10 months ago

Is There a North-South Divide in Britain’s Full Fibre Network?

In July 2023, Openreach got 11 million properties connected to the UK’s Fibre To The Premises (FTTP) network. Openreach, which manages the country’s broadband, has reached this milestone on the journey to its ambitious target of supplying full fibre connections to 25 million homes and businesses by December 2026.

In this article, we explain the plan to transform the existing telecoms infrastructure, explore the regional data and examine the progress Britain is making toward broadening its network.

What is Openreach’s Plan?

Openreach’s heavily publicised plan to provide 25 million premises with ‘ultrafast’ full fibre aligns with the Government’s aim of making ‘Gigabit-capable’ broadband available to a majority of at least 85% of homes and businesses.

The management of the existing network involves dividing the UK into roughly 5,600 regions, which are typically villages, small towns or areas of large cities. Openreach’s fibre-optic expansion strategy refers to these regions as 'exchanges'. Businesses can use a fibre checker tool to find out the status of their local exchange in the project.

What’s the Difference Between FTTC and FTTP?

If you pay for business broadband, your connection will arrive via an FTTC or FTTP network. Fibre To The Cabinet broadband is a connection method where fibre optic cables carry the signal from the exchange to a roadside cabinet. The conventional copper phone lines then distribute broadband services from the cabinet to residential areas and businesses.

The dependability of FTTC service generally hinges on your Internet Service Provider (ISP) but provides consistent and reasonable connection speeds. However, since FTTC broadband utilises older copper wire infrastructures, speed can drop during peak times when bandwidth is limited.

On the other hand, fibre optic cables extending directly from your local exchange to your premises could provide your internet connection via FTTP. Unlike broadband, which relies on copper cables, full fibre offers notably superior and steady speeds. Fibre-optic cables are also more durable than copper, making them less likely to require costly maintenance.

Leased Lines are another type of FTTP connection wherein your company rents a dedicated line rather than sharing bandwidth with your neighbours. Leased Lines offer increased reliability and superior customer support but can be costly. To find out more about Leased Lines, click the button below.

How Much of the UK is covered by FTTP networks?

New research by Think Broadband gives us a fascinating insight into how the UK’s fibre-optic networks are spread across regions. London leads the way with 14% of its 4 million premises connected to full fibre. Not far behind on 13% is the remainder of the South East of England.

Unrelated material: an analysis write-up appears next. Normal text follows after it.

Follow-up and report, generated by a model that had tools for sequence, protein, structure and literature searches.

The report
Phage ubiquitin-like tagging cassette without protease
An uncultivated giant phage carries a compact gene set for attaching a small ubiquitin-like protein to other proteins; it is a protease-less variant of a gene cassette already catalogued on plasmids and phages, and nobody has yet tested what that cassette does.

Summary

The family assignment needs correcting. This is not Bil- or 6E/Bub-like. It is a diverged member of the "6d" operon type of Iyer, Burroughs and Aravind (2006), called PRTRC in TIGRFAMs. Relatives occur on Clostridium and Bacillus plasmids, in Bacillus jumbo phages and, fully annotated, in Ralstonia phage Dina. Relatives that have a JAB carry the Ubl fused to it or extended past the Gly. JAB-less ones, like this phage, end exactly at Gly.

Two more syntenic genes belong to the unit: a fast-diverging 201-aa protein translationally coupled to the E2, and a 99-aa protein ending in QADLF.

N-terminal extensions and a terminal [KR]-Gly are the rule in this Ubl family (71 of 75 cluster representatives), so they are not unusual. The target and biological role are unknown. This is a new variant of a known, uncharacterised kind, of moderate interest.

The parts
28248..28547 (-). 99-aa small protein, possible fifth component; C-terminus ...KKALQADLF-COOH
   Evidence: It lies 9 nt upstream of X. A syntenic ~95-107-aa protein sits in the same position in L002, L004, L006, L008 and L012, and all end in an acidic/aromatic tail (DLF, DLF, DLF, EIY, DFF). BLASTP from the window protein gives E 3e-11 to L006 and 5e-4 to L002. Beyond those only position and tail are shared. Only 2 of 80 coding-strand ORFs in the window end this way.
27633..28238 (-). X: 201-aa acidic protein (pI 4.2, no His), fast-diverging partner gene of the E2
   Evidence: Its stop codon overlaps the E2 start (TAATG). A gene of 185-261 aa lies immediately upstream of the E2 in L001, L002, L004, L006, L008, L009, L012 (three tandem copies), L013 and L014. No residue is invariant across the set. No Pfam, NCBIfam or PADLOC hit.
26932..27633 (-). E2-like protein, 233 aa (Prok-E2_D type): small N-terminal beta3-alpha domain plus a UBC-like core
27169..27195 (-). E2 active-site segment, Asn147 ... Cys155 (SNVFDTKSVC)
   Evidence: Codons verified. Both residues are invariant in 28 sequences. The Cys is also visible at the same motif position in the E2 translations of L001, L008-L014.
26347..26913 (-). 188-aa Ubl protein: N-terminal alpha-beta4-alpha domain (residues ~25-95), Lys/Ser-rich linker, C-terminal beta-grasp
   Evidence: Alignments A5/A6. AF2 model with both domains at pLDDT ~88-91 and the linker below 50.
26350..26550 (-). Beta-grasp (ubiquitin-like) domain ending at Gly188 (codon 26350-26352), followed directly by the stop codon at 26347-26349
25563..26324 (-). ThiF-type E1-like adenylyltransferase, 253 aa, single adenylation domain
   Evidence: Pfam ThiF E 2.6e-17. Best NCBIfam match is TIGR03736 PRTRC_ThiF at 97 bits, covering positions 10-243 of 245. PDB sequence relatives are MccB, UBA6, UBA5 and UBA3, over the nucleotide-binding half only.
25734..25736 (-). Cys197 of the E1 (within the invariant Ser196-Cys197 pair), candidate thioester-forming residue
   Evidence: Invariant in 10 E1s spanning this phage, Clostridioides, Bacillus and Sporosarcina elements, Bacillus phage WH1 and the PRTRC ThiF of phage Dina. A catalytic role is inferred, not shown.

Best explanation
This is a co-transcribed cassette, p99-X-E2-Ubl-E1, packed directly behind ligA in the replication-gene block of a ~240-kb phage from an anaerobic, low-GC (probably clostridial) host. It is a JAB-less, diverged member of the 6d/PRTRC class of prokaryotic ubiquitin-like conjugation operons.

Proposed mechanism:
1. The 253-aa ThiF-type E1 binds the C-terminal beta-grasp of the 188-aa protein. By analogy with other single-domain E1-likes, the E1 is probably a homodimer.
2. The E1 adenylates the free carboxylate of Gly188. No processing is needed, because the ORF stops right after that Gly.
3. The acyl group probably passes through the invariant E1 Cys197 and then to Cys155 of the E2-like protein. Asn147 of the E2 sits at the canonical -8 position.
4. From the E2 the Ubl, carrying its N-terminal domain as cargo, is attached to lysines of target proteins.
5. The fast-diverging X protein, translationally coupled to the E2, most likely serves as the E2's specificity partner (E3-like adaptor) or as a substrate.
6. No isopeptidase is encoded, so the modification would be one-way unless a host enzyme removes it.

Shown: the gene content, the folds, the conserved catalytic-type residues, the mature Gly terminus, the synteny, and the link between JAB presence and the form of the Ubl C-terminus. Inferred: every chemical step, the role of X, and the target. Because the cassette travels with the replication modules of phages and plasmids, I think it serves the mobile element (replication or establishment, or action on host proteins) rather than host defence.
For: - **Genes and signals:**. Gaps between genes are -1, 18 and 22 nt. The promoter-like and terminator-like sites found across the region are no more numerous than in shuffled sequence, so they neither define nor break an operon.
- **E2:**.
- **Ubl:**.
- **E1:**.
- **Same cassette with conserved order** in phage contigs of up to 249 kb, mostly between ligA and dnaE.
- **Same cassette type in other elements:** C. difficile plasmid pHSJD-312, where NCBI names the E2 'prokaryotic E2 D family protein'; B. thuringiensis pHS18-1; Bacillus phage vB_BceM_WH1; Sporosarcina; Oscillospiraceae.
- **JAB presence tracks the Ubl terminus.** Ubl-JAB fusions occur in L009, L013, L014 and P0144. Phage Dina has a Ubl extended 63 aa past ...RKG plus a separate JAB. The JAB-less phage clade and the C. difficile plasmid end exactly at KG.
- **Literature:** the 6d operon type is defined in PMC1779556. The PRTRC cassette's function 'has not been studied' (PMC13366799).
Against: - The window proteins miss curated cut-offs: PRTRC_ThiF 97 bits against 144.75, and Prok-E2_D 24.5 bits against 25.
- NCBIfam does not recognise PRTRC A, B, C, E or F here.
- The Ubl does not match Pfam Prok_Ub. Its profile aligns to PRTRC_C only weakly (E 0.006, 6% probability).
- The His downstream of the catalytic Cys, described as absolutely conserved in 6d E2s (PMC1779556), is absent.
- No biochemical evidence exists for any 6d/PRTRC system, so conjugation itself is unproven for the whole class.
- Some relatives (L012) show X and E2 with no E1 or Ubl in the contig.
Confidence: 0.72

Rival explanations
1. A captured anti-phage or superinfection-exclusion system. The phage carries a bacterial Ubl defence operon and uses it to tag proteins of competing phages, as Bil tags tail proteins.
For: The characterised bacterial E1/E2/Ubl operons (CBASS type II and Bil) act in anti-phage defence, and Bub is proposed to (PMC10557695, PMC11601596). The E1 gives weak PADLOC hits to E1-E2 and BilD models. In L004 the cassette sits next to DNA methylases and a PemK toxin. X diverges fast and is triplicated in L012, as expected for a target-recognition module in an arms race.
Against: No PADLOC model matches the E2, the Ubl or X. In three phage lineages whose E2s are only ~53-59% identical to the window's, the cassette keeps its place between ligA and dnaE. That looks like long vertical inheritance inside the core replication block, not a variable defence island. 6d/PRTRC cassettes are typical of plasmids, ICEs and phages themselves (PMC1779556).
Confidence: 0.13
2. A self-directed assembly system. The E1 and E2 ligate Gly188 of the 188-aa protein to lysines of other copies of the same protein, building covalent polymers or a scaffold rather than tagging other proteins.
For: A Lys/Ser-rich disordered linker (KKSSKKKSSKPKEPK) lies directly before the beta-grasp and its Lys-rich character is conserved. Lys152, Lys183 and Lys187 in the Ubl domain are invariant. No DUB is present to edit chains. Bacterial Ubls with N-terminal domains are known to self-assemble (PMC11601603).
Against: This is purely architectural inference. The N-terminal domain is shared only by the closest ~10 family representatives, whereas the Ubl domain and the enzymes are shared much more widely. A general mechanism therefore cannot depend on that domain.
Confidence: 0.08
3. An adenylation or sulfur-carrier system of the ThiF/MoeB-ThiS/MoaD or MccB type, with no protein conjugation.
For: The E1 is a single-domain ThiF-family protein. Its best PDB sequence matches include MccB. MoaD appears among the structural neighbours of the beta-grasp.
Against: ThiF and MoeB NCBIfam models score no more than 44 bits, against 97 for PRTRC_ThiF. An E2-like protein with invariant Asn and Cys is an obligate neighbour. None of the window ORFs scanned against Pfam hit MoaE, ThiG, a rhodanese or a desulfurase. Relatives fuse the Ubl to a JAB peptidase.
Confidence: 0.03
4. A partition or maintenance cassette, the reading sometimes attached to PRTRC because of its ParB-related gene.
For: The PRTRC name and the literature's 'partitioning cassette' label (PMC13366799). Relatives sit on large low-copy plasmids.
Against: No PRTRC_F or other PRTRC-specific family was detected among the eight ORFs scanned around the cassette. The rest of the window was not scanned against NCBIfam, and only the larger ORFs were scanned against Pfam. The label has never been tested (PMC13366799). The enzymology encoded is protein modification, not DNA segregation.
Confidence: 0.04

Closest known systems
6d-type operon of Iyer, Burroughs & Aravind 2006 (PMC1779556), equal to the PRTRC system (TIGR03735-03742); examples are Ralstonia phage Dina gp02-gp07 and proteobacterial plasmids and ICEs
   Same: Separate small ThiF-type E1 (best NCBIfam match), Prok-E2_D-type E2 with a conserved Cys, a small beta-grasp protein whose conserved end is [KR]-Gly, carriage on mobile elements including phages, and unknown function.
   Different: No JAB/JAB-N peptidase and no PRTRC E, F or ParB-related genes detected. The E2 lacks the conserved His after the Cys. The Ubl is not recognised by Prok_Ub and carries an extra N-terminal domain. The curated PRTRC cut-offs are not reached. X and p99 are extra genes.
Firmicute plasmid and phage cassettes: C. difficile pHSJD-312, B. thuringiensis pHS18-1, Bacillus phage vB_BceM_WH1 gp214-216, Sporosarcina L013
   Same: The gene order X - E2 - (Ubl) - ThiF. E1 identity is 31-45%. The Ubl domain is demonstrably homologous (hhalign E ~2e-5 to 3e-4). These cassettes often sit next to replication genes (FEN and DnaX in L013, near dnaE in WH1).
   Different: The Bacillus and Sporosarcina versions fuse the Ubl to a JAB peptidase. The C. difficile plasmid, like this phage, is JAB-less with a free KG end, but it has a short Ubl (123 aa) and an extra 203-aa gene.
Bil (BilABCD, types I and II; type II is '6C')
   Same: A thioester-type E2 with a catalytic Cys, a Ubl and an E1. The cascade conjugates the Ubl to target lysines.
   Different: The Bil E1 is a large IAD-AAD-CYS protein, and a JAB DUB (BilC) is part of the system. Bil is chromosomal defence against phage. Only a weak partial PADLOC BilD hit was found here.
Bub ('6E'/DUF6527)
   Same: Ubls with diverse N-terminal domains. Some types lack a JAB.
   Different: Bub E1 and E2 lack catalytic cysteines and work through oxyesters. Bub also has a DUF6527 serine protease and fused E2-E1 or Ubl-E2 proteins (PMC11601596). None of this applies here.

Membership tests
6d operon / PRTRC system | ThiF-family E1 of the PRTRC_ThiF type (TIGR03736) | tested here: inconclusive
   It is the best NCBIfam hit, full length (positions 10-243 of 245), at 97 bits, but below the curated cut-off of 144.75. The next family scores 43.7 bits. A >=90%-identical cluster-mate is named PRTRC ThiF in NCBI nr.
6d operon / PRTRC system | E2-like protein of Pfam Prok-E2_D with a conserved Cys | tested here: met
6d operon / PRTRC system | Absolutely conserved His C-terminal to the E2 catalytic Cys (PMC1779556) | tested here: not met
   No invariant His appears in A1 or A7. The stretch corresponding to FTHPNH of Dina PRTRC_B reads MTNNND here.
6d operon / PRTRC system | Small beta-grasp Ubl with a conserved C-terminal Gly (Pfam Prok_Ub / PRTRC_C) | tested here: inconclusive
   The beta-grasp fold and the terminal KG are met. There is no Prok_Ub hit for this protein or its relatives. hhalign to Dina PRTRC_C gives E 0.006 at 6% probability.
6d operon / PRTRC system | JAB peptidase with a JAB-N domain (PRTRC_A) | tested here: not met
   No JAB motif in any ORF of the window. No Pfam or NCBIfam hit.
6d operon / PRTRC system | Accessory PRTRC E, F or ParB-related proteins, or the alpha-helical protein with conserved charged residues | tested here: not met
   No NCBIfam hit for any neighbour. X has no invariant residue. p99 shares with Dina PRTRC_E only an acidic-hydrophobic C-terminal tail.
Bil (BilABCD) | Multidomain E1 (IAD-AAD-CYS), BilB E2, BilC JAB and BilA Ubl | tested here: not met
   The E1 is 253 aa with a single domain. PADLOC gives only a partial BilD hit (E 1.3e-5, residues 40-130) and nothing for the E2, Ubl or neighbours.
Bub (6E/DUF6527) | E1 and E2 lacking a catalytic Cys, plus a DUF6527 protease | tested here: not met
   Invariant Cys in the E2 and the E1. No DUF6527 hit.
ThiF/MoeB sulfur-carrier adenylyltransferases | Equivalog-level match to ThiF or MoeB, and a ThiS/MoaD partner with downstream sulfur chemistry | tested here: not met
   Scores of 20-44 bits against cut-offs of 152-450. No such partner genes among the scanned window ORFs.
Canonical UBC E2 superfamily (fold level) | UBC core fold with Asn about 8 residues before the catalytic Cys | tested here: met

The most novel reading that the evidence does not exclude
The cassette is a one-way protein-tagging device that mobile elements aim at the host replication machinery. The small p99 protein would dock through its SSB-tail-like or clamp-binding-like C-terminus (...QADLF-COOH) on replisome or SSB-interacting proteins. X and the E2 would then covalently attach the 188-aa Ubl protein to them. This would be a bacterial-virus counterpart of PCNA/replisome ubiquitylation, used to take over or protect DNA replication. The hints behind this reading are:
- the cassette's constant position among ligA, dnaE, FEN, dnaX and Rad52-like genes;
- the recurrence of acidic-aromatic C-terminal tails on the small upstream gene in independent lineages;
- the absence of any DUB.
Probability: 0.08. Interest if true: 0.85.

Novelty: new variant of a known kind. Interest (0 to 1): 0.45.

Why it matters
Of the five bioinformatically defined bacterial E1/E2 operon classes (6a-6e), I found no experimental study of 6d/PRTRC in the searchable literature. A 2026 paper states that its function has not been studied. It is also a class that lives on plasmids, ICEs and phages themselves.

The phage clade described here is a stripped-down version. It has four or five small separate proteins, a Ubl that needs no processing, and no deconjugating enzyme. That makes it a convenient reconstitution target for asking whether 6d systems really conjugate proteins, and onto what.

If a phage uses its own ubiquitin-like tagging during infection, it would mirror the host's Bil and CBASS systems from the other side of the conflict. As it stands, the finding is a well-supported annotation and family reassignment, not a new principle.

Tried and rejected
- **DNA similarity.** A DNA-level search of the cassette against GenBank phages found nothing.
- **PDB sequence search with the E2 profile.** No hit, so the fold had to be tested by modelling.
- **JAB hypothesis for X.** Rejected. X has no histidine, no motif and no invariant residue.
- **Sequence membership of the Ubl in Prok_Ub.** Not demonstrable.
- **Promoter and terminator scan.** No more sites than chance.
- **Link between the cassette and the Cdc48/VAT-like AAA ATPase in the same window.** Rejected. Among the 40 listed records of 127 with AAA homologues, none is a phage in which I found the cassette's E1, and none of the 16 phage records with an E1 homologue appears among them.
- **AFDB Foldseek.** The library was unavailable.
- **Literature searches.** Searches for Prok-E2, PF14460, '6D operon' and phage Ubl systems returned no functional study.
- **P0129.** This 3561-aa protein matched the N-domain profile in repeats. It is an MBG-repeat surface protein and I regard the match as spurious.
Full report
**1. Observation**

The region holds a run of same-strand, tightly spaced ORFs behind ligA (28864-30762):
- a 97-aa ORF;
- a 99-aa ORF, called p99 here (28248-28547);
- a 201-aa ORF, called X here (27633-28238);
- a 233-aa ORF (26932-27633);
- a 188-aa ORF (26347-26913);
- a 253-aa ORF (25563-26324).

Pie chart showing data for premises with full fibreLooking at the numbers for premises with two or more choices of FTTP broadband providers, London and the South East are still way ahead with 21% and 12%, respectively. Lagging behind are Wales and the North East of England, with only 5% and 3% covered by the network, and both having just 3% of premises with a choice of full-fibre providers.

Pie chart showing data for premises with two or more FTTP options

How are the Upgrades Progressing?

As Openreach engineers across Great Britain and Northern Ireland work hard to upgrade our infrastructure, certain regions are progressing more than others. Perhaps unsurprisingly, archipelagoes off the coast of mainland Britain still have very little FTTP coverage and don’t appear to be a priority for Openreach. The Isles of Scilly, Shetland Islands and Orkney Islands all have below 6% of full fibre coverage, with no notable works started this year.

On a larger scale, Scotland and Northern Ireland saw little change in their broadband networks in recent months. In England, Openreach appears to be going at least some way to closing the North-South divide by making significant improvements in the North West and West Midlands. Approximately 2.3% and 1.2% of the entire network was upgraded in a single month, respectively.

Is There a North-South Full Fibre Network Divide?

It's clear that the South of England is benefitting from full fibre internet connections faster than the rest of the country, but this seems to be due to regions being close to London. The gap appears to be closing, but the British full fibre infrastructure needs to come some way before everyone can benefit from faster internet speeds.

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Sam White